Different ways to antiangiogenesis by angiostatin and suramin, and quantitation of angiostatin-induced antiangiogenesis
Abstract:Bahramsoltani M, Plendl J. Different ways to antiangiogenesis by angiostatin and suramin, and quantitation of angiostatin-induced antiangiogenesis. APMIS 2007;115:30–46.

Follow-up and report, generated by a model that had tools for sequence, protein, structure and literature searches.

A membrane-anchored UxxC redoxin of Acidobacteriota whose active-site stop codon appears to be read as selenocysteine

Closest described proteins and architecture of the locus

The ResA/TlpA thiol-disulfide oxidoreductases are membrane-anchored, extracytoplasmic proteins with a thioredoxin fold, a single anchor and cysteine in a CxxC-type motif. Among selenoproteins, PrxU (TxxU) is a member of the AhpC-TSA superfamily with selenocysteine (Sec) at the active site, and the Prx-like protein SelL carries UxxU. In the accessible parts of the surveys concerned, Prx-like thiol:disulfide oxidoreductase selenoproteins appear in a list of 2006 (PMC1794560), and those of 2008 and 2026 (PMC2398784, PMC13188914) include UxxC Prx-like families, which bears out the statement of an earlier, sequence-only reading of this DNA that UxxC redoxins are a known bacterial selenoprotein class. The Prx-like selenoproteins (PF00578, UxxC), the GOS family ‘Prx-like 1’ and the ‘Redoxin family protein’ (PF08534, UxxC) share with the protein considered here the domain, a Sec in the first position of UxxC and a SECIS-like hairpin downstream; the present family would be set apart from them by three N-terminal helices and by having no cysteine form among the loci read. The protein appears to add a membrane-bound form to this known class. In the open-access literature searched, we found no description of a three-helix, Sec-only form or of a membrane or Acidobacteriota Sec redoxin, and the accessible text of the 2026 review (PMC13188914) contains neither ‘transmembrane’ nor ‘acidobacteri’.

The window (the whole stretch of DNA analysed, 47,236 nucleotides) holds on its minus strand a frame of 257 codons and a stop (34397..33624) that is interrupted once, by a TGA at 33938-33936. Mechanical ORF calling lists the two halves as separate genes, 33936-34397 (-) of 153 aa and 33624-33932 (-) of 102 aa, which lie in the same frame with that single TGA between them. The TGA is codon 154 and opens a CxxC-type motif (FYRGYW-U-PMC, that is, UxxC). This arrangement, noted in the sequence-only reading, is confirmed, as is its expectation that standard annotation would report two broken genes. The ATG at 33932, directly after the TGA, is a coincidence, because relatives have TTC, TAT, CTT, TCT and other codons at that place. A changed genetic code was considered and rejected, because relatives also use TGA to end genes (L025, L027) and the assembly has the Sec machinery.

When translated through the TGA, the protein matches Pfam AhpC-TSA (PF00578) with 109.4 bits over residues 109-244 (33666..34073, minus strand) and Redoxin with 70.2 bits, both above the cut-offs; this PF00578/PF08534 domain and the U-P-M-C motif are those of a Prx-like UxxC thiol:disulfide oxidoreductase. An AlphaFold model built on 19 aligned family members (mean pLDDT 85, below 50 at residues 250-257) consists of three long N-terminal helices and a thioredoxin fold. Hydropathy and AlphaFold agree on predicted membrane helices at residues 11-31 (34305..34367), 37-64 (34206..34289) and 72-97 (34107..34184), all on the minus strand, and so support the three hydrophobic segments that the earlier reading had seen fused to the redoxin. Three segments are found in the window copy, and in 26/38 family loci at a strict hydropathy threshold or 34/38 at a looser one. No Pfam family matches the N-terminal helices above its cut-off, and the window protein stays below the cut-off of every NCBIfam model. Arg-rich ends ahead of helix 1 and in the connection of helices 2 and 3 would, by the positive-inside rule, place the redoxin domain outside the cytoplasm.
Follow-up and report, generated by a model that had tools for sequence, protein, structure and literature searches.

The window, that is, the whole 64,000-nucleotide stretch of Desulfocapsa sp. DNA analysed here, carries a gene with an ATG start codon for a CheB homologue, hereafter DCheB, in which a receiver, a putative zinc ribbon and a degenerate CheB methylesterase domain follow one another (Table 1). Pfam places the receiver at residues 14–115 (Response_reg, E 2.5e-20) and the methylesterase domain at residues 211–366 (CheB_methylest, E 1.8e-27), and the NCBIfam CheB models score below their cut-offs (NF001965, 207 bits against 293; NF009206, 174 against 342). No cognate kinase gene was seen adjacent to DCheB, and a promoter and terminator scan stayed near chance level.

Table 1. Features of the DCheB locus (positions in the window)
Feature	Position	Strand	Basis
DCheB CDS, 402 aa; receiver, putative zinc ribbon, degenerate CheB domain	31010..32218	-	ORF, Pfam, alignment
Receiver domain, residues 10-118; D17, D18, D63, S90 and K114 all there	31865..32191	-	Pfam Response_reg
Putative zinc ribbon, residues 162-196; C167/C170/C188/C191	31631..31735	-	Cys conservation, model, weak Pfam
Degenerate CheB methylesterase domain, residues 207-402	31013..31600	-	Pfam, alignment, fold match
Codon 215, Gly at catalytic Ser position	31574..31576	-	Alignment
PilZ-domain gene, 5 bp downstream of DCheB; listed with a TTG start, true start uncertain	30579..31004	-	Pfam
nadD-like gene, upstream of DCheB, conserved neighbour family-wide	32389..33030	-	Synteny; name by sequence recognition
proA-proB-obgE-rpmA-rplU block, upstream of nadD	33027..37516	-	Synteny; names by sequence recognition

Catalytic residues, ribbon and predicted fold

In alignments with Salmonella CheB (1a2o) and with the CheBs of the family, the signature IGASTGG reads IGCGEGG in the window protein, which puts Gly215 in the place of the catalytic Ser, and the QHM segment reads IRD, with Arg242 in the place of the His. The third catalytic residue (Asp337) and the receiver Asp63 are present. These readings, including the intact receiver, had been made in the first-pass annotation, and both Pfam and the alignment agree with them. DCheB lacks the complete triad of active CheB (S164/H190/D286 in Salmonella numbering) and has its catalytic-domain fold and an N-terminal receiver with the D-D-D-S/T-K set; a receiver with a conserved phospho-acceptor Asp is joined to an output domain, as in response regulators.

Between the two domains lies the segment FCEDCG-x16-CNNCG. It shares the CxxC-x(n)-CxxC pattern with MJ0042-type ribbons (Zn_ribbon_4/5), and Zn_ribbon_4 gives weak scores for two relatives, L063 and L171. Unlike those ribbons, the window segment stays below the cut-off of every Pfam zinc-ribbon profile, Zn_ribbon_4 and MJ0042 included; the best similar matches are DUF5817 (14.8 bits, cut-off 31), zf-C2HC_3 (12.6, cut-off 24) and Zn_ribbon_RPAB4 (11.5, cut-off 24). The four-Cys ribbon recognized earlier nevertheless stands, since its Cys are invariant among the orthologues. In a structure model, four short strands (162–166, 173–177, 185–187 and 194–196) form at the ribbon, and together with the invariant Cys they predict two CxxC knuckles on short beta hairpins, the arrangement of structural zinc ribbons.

Angiogenesis, i.e. sprouting of new vessels, their remodelling and regression, is a prerequisite for growth and differentiation of organs and tissues. It is involved in many pathological processes, particularly growth and metastasis of tumours. Angiostatic therapy is a promising new strategy in the treatment of cancer. Angiogenesis inhibitors could intervene in the different phases of the angiogenic cascade, i.e. migration, proliferation, differentiation and three-dimensional organisation of endothelial cells, to inhibit the generation of tumour vessels. The aim of this study was to explore whether in a previously validated in vitro model for quantitation of angiogenesis the effects of the angiostatic factors angiostatin and suramin can be investigated and quantified. Examination of angiostatin and suramin showed that angiostatin-induced antiangiogenesis resulted in inverse angiogenesis. The addition of suramin initially resulted in increased angiogenesis. However, long-term incubation ultimately led to disintegration of endothelial structures, thus establishing the angiostatic effects of suramin. Antiangiogenesis was not only quantified using the previously validated method. It also lent itself to assessment of the extent of antiangiogenesis within the various phases of the angiogenic cascade. This method may therefore be employed in trial studies of potential angiostatic substances and related cellular mechanisms.